Haley Moss: Attorney, Author, Artist, and Advocate
Posted on April 22, 2019 by Ann
You’re going to be lucky
if your child makes a friend,
if she holds a driver’s license,
if she holds a minimum wage job.
These were the words Haley Moss’s parents heard after she was diagnosed at the age of 3.
However, her parents did not allow the negativity to stop them from enveloping their child in love, support and encouragement.
It was a lazy day over the summer. I was obsessed with Harry Potter at the time. That day, my mom and I had a talk about autism for the first time. She explained how like Harry, I was different, different isn’t bad, and different could be extraordinary.
Today, Haley Moss has made history by being the first openly autistic lawyer be admitted to the Florida bar. Not only that, she is also an author, an artist, and an advocate for autism.
Haley had completed two degrees within 3 years (Bachelor of Arts in Criminology & Law and Bachelor of Science in Psychology in 2015). She then went on to graduate from the University of Miami School of Law. She passed the bar exam and became a member of the Florida Bar on 11 January 2019.
Haley said that she did very well academically in school but struggled with making friends. This prompted her to write her books Middle School: The Stuff Nobody Tells You About and A Freshman Survival Guide for College Students with Autism Spectrum Disorders.
Haley’s parents also encouraged her gift in painting and she has developed her own whimsical style as an artist. Her works are available for sale on her website:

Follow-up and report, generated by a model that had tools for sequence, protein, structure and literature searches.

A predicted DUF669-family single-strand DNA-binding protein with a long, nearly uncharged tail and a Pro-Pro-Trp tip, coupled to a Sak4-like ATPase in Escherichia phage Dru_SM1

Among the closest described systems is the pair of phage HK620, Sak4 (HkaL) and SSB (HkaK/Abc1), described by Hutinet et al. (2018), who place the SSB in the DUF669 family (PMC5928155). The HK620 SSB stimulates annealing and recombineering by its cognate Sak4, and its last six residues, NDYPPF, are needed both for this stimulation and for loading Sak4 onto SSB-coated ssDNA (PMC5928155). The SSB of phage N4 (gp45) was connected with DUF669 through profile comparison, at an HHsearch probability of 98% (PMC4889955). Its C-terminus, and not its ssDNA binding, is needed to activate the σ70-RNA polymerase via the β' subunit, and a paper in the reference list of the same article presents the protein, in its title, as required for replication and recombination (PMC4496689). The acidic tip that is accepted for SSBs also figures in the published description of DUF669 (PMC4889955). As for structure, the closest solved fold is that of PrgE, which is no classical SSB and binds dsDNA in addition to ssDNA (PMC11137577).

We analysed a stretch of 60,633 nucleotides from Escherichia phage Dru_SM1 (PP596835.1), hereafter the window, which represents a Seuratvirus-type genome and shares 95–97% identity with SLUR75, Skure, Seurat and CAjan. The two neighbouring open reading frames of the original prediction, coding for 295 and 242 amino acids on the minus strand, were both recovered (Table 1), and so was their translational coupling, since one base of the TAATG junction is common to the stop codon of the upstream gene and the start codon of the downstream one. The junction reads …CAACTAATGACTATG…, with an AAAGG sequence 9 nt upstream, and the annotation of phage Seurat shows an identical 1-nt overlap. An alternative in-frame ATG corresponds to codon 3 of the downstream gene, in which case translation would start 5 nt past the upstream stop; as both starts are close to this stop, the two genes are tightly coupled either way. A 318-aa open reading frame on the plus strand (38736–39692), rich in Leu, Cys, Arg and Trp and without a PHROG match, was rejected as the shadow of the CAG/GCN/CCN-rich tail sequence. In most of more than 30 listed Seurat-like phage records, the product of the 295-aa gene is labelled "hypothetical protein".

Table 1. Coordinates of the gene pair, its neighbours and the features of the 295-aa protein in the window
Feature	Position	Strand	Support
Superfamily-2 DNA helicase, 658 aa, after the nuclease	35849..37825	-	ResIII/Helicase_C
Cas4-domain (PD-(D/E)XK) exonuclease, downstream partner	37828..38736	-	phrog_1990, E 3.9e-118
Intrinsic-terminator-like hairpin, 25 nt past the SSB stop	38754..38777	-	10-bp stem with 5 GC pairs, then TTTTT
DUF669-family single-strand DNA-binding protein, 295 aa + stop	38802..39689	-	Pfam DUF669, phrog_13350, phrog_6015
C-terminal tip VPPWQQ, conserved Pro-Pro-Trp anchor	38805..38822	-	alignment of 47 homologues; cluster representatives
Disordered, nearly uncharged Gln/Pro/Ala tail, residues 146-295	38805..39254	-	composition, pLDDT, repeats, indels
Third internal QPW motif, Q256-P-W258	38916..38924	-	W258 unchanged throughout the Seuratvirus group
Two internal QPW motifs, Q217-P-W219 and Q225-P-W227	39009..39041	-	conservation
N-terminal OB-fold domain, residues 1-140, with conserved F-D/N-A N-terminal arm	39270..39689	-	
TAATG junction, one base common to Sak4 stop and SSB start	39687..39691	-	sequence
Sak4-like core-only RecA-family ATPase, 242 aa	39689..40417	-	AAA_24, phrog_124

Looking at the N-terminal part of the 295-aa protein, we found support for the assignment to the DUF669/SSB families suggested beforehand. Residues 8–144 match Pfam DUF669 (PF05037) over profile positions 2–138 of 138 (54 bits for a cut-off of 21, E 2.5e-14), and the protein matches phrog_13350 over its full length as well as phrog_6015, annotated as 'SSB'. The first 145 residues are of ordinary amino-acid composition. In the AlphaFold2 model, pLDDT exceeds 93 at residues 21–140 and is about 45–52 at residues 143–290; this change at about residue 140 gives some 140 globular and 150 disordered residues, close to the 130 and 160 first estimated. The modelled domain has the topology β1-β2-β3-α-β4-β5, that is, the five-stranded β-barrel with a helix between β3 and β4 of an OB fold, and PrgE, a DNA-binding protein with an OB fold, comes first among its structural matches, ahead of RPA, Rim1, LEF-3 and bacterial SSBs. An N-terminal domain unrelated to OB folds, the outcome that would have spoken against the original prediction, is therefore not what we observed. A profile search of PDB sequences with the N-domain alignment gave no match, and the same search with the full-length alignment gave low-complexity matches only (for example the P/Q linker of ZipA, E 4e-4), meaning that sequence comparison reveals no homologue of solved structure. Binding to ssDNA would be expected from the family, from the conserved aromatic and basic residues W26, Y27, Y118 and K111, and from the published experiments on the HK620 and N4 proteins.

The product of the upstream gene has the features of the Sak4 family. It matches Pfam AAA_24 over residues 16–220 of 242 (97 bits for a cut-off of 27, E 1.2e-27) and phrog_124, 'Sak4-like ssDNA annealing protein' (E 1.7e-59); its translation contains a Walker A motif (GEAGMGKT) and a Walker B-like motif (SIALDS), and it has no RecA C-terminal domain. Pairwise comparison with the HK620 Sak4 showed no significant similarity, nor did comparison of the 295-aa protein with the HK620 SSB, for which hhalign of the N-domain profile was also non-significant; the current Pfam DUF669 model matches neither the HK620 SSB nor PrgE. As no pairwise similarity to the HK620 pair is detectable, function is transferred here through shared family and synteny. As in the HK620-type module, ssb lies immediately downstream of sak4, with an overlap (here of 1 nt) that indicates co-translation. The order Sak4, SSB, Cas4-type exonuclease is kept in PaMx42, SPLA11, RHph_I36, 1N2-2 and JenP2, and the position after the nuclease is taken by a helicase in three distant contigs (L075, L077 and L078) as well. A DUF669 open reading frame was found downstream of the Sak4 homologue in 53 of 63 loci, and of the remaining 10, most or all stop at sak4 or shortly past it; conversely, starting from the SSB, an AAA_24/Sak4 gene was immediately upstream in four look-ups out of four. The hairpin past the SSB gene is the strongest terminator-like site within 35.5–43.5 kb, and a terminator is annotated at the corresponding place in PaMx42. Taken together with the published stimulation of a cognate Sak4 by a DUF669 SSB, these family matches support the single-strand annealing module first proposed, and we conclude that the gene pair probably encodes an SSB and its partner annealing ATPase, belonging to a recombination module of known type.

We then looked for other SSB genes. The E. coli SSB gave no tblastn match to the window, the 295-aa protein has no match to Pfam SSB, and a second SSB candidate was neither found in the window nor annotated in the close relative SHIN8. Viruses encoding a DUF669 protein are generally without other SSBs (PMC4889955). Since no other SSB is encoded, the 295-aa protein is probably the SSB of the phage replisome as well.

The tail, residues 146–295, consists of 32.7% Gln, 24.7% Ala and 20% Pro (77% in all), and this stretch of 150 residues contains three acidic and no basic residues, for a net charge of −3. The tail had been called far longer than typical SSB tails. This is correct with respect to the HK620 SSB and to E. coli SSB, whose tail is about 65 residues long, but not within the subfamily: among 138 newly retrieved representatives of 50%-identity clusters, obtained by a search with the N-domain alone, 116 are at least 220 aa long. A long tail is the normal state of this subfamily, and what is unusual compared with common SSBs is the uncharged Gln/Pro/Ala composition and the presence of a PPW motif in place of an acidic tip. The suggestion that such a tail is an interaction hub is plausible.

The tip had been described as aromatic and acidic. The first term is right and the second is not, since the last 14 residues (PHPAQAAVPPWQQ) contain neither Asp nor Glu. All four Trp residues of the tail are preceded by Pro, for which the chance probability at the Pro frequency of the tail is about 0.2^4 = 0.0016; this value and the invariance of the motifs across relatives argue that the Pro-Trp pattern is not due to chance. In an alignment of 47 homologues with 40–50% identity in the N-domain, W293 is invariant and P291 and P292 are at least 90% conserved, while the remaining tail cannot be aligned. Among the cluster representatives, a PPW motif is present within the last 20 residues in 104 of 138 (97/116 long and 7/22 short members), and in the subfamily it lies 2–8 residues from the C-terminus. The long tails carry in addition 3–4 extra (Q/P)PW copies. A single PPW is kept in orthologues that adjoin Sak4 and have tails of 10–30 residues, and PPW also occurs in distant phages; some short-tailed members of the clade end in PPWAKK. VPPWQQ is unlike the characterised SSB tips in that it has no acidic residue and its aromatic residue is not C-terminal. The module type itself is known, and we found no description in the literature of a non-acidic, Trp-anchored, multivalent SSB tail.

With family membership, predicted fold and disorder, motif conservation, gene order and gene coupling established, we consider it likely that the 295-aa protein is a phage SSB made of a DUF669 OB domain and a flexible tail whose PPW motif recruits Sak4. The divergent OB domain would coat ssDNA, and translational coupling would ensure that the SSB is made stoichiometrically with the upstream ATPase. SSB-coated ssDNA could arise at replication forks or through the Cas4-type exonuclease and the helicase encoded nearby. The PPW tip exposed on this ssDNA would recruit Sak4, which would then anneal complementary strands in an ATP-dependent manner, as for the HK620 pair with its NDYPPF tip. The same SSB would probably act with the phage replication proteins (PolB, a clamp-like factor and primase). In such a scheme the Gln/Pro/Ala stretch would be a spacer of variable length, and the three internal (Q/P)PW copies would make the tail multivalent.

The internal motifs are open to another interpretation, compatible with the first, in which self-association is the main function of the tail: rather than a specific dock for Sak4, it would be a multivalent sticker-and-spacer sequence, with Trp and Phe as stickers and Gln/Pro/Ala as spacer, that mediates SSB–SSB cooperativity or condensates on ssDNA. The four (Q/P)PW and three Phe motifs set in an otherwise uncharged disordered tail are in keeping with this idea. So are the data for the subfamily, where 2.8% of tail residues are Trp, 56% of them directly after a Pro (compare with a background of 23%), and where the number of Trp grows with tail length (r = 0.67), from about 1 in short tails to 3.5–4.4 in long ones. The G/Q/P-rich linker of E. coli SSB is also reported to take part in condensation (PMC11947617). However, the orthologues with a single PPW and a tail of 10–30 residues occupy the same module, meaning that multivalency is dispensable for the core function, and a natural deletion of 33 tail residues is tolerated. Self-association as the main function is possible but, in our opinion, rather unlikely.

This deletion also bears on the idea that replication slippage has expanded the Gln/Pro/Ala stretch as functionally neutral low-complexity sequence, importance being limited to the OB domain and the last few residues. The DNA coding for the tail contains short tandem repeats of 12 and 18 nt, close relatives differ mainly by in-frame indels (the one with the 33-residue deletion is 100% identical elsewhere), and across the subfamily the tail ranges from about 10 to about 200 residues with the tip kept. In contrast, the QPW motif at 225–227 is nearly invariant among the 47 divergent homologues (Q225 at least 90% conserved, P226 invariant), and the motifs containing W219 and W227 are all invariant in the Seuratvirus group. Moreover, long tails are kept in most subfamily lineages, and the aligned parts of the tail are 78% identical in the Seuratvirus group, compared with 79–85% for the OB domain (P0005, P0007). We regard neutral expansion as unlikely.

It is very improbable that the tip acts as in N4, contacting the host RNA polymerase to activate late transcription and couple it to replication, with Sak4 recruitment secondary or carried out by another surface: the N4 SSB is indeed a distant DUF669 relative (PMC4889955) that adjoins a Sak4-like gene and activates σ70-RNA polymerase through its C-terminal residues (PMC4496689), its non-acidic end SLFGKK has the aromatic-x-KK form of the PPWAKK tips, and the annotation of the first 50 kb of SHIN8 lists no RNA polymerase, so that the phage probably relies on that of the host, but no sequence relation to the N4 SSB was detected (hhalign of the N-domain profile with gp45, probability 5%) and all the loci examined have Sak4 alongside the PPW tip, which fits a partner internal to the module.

Haley is actively involved in autism advocacy and currently serves on the constituency board of University of Miami – Nova Southeastern University Center for Autism & Related Disabilities (UM-NSU CARD).
She attributed her success to her upbringing:
I know that’s why I have the confidence and positive attitude I do about autism and that I am very accepting and aware of who I am as a person. It really shaped for me that different isn’t bad and it isn’t less. Having that foundation at a young age really made a difference because I’m sure you know that it’s very easy to feel insecure or confused or self-doubt during adolescence, and I’ve always been confident in my identities and that being on the spectrum isn’t anything to be ashamed of!
Today, she hopes to keep helping others on the autism spectrum and making a difference for the community.
Research has indicated that early detection and intervention can improve a child’s overall development and lead to optimal outcomes for children with autism. Parents can also better prepare themselves and learn how to support their child at key developmental stages, together with the help of other professionals and specialists.
Do take our Milestone Assessment today to track your child’s development:
Jacobs, E. (2019, February 18). Woman becomes first openly autistic person admitted to Florida bar. Retrieved from https://nypost.com/2019/02/18/woman-becomes-first-openly-autistic-person-admitted-to-florida-bar/
Moss, H. Haley Moss’s official website. Retrieved from https://haleymoss.net/
Murphy, J. (2016, February 4). Haley Moss: “Different Isn’t Bad and It Isn’t Less”. Retrieved from https://geekclubbooks.com/2016/02/haley-moss-different-isnt-bad/